Sunday, August 26, 2007

Writing with Unspecified Gender: Neologisms

There are a few versions of the neologisms created over the past few centuries that one can imagine using on a regular basis. Regardless of the set one choses (check this comprehensive list for a wide variety), using the new words will be a matter of consciously changing one's speech and writing habits. One may be dissuaded from one's experiment by the slow-communication period of adjustment - and of explaining the words to others.

You may have noticed that I used “one” throughout that last paragraph. That was an attempt to test the snooty factor in using it as a substitute for “he or she”. It wasn't difficult to do and it flows naturally, to me. It just seems that people have an aversion to using the word regularly. I blame British television comedies.

I found two other invented sets of words that I could imagine remembering long enough to use. The first is one that has enjoyed acceptance among those who care on the Internet. You would say, “This blogger is foolish. Sie acts like hir pets are important and sie repeats hirself. I'm bored by hir.” Please note that this is only for illustration and is not an actual review. I'd include the link.

Thus “sie” is “she or he”, “hir” is “his or her” (as well as “him or her”), and “hirself” is “himself or herself”. Sie is a German word and enjoys Teutonic flexibility in its meaning, which makes it perfect for this sort of adoption. The change is not drastic and the pronunciation is different enough (or can be) that the words will not be confused with, say, “see” and “hear”.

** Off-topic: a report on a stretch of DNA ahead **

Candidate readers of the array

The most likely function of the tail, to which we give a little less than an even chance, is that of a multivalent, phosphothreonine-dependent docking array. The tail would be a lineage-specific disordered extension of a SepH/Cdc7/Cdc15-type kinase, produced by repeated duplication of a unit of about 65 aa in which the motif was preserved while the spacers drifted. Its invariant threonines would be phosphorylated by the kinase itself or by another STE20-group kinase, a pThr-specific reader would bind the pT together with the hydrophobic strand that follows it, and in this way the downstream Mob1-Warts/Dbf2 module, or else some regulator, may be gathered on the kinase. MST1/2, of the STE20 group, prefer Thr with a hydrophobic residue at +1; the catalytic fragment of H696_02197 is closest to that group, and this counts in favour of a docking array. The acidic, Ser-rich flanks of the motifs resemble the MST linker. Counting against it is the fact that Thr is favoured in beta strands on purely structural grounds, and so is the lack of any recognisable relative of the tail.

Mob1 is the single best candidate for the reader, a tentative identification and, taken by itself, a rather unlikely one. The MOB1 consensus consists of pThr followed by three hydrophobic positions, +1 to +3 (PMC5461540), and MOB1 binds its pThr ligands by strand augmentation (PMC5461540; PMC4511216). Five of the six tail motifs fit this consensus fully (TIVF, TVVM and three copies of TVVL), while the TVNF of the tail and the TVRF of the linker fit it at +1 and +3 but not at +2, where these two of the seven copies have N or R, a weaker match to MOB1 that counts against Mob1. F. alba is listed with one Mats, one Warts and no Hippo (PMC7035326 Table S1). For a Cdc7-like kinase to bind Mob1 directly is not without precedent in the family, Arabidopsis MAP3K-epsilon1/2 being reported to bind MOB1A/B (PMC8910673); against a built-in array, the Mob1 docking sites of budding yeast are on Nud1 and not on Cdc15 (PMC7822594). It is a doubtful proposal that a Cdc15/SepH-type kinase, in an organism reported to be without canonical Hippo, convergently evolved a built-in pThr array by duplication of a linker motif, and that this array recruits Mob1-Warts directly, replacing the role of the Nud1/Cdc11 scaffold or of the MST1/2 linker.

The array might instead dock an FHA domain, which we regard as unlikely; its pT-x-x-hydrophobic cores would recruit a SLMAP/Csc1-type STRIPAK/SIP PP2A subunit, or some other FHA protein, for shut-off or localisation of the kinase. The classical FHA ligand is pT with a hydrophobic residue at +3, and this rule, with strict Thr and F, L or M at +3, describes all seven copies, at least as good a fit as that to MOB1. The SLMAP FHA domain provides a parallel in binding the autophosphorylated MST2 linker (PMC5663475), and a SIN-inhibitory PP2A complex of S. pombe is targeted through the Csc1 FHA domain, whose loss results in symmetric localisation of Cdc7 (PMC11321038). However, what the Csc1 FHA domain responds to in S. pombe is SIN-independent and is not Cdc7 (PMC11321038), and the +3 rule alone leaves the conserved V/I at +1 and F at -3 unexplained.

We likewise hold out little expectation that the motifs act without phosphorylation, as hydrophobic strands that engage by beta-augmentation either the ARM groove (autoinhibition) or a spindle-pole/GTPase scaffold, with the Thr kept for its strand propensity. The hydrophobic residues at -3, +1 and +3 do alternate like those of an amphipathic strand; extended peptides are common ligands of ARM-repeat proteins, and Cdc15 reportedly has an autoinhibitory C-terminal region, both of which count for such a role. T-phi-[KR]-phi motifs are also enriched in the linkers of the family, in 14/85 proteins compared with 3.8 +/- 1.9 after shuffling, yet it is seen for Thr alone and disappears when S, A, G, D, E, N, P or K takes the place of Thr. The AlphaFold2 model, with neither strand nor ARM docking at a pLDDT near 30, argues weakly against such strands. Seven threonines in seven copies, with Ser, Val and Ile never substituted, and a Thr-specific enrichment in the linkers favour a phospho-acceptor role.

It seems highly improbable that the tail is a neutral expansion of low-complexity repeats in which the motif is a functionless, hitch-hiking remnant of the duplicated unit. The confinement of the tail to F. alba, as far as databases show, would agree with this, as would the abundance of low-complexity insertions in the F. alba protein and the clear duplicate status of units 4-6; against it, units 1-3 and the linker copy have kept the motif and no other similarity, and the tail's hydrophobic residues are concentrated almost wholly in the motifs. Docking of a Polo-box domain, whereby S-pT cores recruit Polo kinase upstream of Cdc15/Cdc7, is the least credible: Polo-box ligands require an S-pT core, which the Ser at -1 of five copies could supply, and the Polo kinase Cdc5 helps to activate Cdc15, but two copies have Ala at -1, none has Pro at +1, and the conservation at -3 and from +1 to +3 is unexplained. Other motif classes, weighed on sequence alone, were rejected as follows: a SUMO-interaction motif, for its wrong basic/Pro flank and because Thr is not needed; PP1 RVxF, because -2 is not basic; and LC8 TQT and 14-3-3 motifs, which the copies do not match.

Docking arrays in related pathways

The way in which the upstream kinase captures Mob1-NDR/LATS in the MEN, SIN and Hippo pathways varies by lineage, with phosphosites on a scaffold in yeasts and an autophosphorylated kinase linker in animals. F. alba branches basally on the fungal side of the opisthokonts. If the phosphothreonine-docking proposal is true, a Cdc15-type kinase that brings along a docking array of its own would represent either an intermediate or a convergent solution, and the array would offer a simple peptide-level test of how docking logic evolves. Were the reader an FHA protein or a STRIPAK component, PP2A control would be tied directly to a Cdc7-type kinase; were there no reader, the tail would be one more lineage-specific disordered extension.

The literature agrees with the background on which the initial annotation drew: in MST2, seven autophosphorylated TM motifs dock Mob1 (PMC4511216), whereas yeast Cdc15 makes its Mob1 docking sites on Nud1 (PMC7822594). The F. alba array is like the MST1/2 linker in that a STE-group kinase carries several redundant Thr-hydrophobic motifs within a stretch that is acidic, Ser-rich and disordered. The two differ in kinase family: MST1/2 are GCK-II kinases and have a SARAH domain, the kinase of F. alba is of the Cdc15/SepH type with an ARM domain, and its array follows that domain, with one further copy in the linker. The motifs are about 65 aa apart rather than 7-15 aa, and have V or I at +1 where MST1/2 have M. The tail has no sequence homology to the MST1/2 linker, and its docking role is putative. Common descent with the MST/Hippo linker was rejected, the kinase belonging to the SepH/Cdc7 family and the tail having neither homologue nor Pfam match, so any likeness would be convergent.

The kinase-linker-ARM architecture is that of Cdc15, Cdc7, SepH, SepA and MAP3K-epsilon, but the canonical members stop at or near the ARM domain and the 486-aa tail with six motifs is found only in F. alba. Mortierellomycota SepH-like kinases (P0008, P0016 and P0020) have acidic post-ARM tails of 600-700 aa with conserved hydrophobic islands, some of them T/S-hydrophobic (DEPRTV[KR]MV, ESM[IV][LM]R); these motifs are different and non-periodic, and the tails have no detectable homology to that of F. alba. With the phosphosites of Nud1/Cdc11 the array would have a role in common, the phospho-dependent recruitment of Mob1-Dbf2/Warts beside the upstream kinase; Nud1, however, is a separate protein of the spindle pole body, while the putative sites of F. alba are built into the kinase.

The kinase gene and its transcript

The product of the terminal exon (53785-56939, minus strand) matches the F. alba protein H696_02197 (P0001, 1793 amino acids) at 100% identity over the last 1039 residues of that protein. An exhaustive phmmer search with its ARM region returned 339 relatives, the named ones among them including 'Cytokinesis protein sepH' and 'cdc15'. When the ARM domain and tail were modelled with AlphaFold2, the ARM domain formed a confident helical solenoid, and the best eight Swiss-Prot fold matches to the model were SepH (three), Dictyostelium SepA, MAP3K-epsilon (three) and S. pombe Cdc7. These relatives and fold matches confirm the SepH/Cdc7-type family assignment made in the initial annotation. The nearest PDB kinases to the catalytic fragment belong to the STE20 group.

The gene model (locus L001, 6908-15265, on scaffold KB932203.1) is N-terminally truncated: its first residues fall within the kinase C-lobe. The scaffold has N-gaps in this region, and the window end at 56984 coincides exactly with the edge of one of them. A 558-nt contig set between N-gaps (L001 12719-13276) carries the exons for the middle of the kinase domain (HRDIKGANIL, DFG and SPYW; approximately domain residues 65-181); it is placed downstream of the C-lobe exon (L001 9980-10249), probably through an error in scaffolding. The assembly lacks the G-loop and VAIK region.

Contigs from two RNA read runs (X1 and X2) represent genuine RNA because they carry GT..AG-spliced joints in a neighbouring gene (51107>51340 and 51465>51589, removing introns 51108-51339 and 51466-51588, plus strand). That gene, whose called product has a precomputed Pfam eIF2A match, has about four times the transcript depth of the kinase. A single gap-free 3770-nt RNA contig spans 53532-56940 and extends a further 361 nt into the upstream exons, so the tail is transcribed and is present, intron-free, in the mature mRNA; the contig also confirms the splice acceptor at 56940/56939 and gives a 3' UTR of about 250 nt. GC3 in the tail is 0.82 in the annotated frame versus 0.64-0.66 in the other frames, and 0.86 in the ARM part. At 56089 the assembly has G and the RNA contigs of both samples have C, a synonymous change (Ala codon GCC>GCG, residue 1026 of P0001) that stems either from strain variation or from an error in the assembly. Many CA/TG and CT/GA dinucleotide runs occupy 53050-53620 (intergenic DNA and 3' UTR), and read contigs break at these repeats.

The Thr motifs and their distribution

The second set is the “te, ter, tem” set used by Richard Maurer. Taking my previous example, you would then say, “This blogger is foolish. Te acts like ter pets are important and te repeats temself. I'm bored by tem.” Basically, this set is a singularization of they, their, and them. It's straightforward and easy to understand. Unfortunately, it sounds more like someone doing a bad impression of a Jamaican accent. The set is just too close to the original words to have wide appeal.

The problem with any of these neologisms is that they are new. You could post an explanation in the sidebar of your blog so that new readers understand you but daily verbal use would be intimidating. Could you stand up at an important meeting and say, “Our average customer knows what sie wants,” and then stop your presentation to explain it? If you said, “Te drives like ter the only one on the road!” would your spouse laugh at you?

In short (at length), is the change worth the effort? I like the idea of being on the forefront of change, but in I don't think it will happen. People have been trying for 150 years and not one system has gained long-standing use.

Note: Obviously, I have returned early and I'm glad to have kept the schedule I originally set. Four fish and seven hours in a boat were enough for the kids. Now I'm off to bathe in some aloe and follow it up with much lotion. Thank heavens I didn't sunburn my fingers. I'll post one last entry in this series on Wednesday. Now I need to come up with something for my 100th post tomorrow! Any suggestions?